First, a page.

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 Table of Contents  
Year : 2018  |  Volume : 5  |  Issue : 1  |  Page : 114-120

Effect of education based on health belief model on the behavior of breast cancer screening in women

1 Department of Nursing, School of Nursing and Midwifery, Dezful University of Medical Sciences, Dezful; Department of Nursing, School of Nursing and Midwifery, Ahvaz Jundishapur University of Medical Sciences, Iran
2 Department of Nursing, School of Nursing and Midwifery, Dezful University of Medical Sciences, Dezful, Iran
3 Department of Nursing, School of Nursing and Midwifery, Ahvaz Jundishapur University of Medical Sciences, Iran
4 Department of Biostatistics and Epidemiology, School of Health Sciences, Ahvaz Jundishapur University of Medical Sciences, Ahvaz, Iran

Date of Submission26-Feb-2017
Date of Acceptance10-May-2017
Date of Web Publication21-Nov-2017

Correspondence Address:
Mahin Gheibizadeh
Department of Nursing, School of Nursing and Midwifery, Ahvaz Jundishapur University of Medical Sciences, Ahvaz
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Source of Support: None, Conflict of Interest: None

DOI: 10.4103/apjon.apjon_36_17

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Objective: The purpose of this study was to determine the effect of education based on health belief model (HBM) on the behavior of breast cancer screening (bCS) in women. Methods: This quasi-experimental study was conducted on 226 women who were selected with cluster sampling method from those referred to Dezful health centers. Data collection tool was a researcher-made questionnaire. Demographic questionnaire bCS- scale, and the Knowledge about questionnaire, all given before and 3 months after the intervention. Results: According to the findings of the study, there was a significant relationship between women's performance and variables of knowledge, perceived sensitivity, perceived benefits, perceived barriers, self-efficacy, and cues to action. Conclusions: Poor knowledge of women indicates a crucial need for formal educational programs to sensitize women regarding the importance of bCS. These educational programs should consider factors affecting bCS behaviors.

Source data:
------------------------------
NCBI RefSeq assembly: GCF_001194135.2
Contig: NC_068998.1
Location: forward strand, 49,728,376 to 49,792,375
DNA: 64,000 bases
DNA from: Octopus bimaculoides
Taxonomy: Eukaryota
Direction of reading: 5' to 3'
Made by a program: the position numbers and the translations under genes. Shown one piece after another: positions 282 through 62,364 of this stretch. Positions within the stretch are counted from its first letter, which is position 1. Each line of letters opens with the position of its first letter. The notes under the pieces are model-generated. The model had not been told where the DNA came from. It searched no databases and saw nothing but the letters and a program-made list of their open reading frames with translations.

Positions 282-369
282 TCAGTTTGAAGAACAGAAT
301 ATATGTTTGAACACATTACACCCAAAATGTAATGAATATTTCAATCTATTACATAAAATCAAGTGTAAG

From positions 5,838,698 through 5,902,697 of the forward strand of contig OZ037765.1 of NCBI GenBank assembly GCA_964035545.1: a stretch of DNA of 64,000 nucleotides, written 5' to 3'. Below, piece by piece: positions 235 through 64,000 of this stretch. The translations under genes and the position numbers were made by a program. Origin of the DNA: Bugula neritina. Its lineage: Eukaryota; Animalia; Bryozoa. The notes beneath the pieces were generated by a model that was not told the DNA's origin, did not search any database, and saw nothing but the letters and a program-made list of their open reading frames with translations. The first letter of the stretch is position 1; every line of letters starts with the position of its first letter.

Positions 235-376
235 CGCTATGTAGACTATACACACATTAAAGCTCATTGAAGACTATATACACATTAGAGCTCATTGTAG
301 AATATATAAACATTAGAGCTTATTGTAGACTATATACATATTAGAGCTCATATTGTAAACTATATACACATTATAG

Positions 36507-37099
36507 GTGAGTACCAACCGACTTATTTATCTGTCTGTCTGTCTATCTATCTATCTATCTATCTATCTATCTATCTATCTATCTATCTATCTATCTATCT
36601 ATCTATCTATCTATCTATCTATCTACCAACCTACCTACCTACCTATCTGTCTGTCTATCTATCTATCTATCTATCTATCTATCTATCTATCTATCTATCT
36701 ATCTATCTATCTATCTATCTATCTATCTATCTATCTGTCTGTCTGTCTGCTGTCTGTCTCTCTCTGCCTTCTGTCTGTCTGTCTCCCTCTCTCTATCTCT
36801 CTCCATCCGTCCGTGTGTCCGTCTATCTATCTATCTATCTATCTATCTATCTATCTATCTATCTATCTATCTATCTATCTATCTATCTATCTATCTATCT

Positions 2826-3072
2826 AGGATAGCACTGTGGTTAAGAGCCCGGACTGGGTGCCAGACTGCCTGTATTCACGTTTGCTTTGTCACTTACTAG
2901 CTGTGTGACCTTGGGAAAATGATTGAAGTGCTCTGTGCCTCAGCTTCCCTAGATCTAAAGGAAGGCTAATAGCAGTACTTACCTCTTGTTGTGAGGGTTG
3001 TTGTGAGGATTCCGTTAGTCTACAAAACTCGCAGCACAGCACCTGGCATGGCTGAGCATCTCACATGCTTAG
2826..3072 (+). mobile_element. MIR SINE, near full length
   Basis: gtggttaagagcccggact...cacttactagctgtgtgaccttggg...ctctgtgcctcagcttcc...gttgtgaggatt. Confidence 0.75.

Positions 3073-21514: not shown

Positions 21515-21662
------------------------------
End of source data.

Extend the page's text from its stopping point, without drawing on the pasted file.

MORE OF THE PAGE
Keywords: Breast cancer, breast self-examination, cancer screening, mammography

How to cite this article:
Masoudiyekta L, Rezaei-Bayatiyani H, Dashtbozorgi B, Gheibizadeh M, Malehi AS, Moradi M. Effect of education based on health belief model on the behavior of breast cancer screening in women. Asia Pac J Oncol Nurs 2018;5:114-20

How to cite this URL:
Masoudiyekta L, Rezaei-Bayatiyani H, Dashtbozorgi B, Gheibizadeh M, Malehi AS, Moradi M. Effect of education based on health belief model on the behavior of breast cancer screening in women. Asia Pac J Oncol Nurs [serial online] 2018 [cited 2019 Feb 16];5:114-20. Available from: http://www.apjon.org/text.asp?2018/5/1/114/218938

  Introduction Top

Breast cancer is one of the most common cancers among women in both developed and developing countries.[1] It is the most common cancer in women aged 40–60 years and the second most common cancer in women aged 30–40 years, and it is also the second leading cause of cancer death in women (about 571 000 deaths) in the world.[2],[3]